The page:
Korea has seen an unprecedented concentration of wealth in the nation’s top 10 family-owned conglomerates since the global financial crisis in 2008, industry reports showed Monday.
Their combined market capitalization and sales reached their highest-ever last year, according to separate reports by Chaebul.com, FnGuide and the Economic Reform Research Institute.
The top 10 owner groups saw the market cap of their 90 listed affiliates increase to 648 trillion won ($577 billion) as of January, about 52.83 percent of the total 1,227 trillion won of the nation’s main bourse.
The figure has continued to grow from 44.87 percent in late 2008 to 46.59 percent in 2009 and 51.9 percent in 2010.
Even when the stock market suffered due to the sluggish U.S. economy and the widening financial crisis in Europe over the past six months, the figure rose from 52.06 percent to 52.83 percent.
Hyundai Motor Group recorded the highest increase from 3.81 percent in 2008 to 12.29 percent last month, while Samsung Group further increased its market dominance from 18.86 percent to 22.23 percent.
Sales at chaebol affiliates were also dominant across industries.
When including POSCO instead of Doosan in the top 10 conglomerates, the combined sales at their 82 listed affiliates amounted to 471 trillion won in the third quarter.
The figure made up 52.27 percent of the 901 trillion won in total sales of the nation’s listed companies. The number increased from 47.18 percent in 2008 to 51.86 percent in 2010.
Such an economic concentration may be the result of their efforts to strengthen competitiveness in diverse sectors.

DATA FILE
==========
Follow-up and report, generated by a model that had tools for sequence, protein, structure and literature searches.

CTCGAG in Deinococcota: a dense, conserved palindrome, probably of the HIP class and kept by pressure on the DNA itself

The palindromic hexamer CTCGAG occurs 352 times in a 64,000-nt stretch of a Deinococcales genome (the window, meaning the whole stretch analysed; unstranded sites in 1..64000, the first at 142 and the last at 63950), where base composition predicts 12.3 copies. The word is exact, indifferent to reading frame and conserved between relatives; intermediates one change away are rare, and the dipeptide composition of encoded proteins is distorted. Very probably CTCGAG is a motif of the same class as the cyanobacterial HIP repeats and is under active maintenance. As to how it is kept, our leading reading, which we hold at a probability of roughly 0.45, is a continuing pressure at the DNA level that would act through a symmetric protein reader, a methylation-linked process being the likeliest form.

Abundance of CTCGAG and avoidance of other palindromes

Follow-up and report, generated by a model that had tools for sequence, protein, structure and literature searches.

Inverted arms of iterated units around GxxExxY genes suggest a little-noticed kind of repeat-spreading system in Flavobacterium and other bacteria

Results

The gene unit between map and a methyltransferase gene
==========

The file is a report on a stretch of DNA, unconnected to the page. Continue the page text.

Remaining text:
Major companies, however, have been criticized for abusing their market dominance without making efforts to share profits with the whole of society.
In a report by the Fair Trade Commission that analyzed the internal transactions among 55 top companies, 88 percent of the deals were secretly made among affiliates without competition.
More recently in early January, the antitrust regulator fined Samsung and LG, local electronics that have more than 90 percent of the market share, for fixing prices of their home appliance products.
“If the economic power is concentrated on a business group, the company could suffer more severely when hit by a crisis,” said Chung Un-chan, the former prime minister who is currently heading a panel on shared growth between large and smaller companies.
He warned of weakening of diversity and creativity with excessive economic concentration.
“It’s much better that 100 people produce products rather than only five dominate production activities. Companies should grow together.”
Chung, has pressed large corporations to share their “excess profits” with the small firms in their supply chains.
Industry watchers say chaebol may face more pressure for management reform efforts in the coming months amid moves in the political community to impose investment caps and more tax ahead of major elections.
By Lee Ji-yoon (firstname.lastname@example.org)